Monday, March 14, 2011

The Stackhouse Filibuster

"Don't ever, ever underestimate the will of a grandfather. We're madmen, we don't give a damn, we got here before you and they'll be here after. We'll make enemies, we'll break laws, we'll break bones, but you will not mess with the grandchildren."

President Bartlet (Martin Sheen)

It's hard for me to believe that it was 10 years ago today that one of my favorite West Wing episodes was shown for the first time.

The program was aired about three–quarters of the way through the series' second season — which was a season of incredibly high quality, I must say. And I couldn't imagine what the creators of the series would do for an encore — until later that year, after terrorists hijacked four airplanes and crashed three of them into the Twin Towers and the Pentagon, postponing the start of the season and inspiring Aaron Sorkin to write "Isaac and Ishmael" for the West Wing.

It aired less than a month after the attacks.

Although it had no real place in the time line of the series, the episode was its highest rated of the year and is still mentioned by people in conversations about Middle Eastern history and conflicts.

That, of course, was still in the future.

On this night 10 years ago, I marveled at the story I saw (co–written by Sorkin, by the way) and literally couldn't imagine how the program, which had long since become my favorite on network TV, could be any better.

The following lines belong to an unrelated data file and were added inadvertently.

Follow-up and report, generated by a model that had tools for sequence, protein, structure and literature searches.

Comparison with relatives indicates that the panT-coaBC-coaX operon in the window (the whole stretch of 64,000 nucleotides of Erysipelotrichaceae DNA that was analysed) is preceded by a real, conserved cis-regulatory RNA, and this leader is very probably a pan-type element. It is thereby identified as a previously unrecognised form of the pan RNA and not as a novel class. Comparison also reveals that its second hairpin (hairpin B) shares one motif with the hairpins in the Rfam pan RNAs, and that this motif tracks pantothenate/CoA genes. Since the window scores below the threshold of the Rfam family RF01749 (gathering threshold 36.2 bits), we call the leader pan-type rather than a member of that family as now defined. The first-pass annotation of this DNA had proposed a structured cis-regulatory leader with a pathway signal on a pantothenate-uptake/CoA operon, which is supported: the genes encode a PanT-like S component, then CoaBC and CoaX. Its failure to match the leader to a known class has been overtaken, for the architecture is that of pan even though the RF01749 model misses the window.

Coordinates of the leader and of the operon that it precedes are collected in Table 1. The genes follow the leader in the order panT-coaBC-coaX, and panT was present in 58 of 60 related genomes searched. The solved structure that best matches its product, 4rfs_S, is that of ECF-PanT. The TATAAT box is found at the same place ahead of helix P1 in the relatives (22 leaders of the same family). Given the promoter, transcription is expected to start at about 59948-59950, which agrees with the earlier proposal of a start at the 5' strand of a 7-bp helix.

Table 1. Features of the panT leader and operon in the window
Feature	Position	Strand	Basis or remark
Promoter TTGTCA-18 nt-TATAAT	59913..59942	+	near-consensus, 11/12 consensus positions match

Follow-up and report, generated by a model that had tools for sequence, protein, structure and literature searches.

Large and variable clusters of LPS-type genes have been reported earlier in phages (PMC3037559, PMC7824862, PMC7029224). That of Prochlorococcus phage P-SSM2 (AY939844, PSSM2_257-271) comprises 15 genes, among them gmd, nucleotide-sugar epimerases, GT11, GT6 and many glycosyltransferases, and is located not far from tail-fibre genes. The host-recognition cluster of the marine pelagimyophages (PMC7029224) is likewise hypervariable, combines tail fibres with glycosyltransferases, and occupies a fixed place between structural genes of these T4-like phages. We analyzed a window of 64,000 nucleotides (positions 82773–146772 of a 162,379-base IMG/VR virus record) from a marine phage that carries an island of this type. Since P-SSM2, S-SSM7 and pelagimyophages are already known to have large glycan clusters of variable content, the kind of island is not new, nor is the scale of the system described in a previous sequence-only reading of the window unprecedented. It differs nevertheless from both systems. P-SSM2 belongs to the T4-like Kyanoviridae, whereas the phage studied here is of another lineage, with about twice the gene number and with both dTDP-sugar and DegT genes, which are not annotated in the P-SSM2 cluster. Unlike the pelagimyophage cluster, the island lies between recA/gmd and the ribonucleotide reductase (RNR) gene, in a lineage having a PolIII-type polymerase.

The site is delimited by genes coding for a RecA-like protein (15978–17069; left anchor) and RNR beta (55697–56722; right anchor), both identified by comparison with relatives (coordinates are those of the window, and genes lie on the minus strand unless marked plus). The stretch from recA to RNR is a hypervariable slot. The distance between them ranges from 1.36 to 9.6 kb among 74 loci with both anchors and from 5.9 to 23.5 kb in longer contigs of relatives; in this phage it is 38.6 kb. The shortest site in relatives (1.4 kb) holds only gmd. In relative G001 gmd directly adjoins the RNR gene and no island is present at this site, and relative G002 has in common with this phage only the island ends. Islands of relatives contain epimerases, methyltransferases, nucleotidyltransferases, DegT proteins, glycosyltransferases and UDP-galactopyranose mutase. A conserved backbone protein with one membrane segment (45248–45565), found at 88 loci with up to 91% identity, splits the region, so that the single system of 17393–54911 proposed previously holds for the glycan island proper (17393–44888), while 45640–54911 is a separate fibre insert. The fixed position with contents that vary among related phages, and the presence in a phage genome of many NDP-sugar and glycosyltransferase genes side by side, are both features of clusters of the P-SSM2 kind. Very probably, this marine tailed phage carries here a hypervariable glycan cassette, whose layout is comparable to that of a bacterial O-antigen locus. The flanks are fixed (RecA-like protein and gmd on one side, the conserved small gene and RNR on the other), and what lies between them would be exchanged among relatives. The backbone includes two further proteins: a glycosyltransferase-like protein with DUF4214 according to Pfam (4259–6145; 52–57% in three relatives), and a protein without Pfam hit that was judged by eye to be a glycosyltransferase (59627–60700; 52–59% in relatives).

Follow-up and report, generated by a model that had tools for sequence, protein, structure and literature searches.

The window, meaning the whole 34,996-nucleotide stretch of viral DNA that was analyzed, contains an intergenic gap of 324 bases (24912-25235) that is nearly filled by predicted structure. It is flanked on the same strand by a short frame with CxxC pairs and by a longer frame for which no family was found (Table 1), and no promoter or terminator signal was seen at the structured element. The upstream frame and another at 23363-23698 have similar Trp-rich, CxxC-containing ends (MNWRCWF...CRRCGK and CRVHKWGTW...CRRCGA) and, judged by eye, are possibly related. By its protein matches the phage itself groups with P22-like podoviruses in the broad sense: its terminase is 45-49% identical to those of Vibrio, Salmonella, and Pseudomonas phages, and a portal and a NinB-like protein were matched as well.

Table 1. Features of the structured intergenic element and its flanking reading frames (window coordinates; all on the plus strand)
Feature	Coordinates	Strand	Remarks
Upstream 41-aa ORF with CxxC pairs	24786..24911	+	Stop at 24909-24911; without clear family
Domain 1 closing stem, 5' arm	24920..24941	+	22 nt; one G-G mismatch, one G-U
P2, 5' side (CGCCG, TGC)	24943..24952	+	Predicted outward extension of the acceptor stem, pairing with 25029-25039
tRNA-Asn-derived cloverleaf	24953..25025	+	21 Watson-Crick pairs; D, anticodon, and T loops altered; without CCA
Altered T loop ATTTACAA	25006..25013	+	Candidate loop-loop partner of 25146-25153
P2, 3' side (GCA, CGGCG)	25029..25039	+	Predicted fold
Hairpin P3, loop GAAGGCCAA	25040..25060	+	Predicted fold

As a matter of fact, the series actually did exceed the standard it reached on this night a decade ago a couple of times before the season ended. And it would match or exceed that standard several times before going off the air in 2006.

But at the time, in nearly two full seasons, it was a level the series had rarely achieved, even though it had already developed its reputation for quality writing, acting and, well, everything.

In the episode, the West Wing staffers were anticipating a big congressional victory with their health care legislation that appeared to enjoy bipartisan support and were focusing on their plans for the weekend when an unexpected filibuster began in the Senate.

The filibuster was the "Mr. Smith Goes to Washington" kind in which a single senator ties up the chamber, which is sort of old–fashioned these days. Modern filibusters tend to be more organized, more coordinated, and they tend to resemble tag–team wrestling matches, but this filibuster, like the one in the old Jimmy Stewart classic, was engineered by a single senator.

That senator was a character named Howard Stackhouse, an elderly senator from Minnesota who had proposed an appropriation to fight autism but had been turned down. That request had been inspired by Stackhouse's love for his autistic grandson, a motivating point that he did not mention, but the White House staffers figured it out, and they rushed to help.

After an impassioned defense of grandfathers, the president told his personal aide, "I want to call senators. We'll start with our friends. When we're done with those two, we'll go on to the other 98."

The story of Stackhouse's improbable battle was told through three characters' e–mails to relatives.

One of the best lines in the story came from C.J. Cregg, the press secretary, who was explaining to her father why she wouldn't be able to attend his milestone birthday party.

"Tonight, I've seen a man with no legs stay standing, Dad, and a guy with no voice keep shouting," she wrote. "And if politics brings out the worst in people, maybe people bring out the best."

There were gathering clouds in the story that would play roles in the series for years to come, and followers of the series could look at that show now and see foreshadowing of future problems with the vice president — and the president's deception about his health.

But few dramatic TV episodes could match "The Stackhouse Filibuster" when it came to inspiration.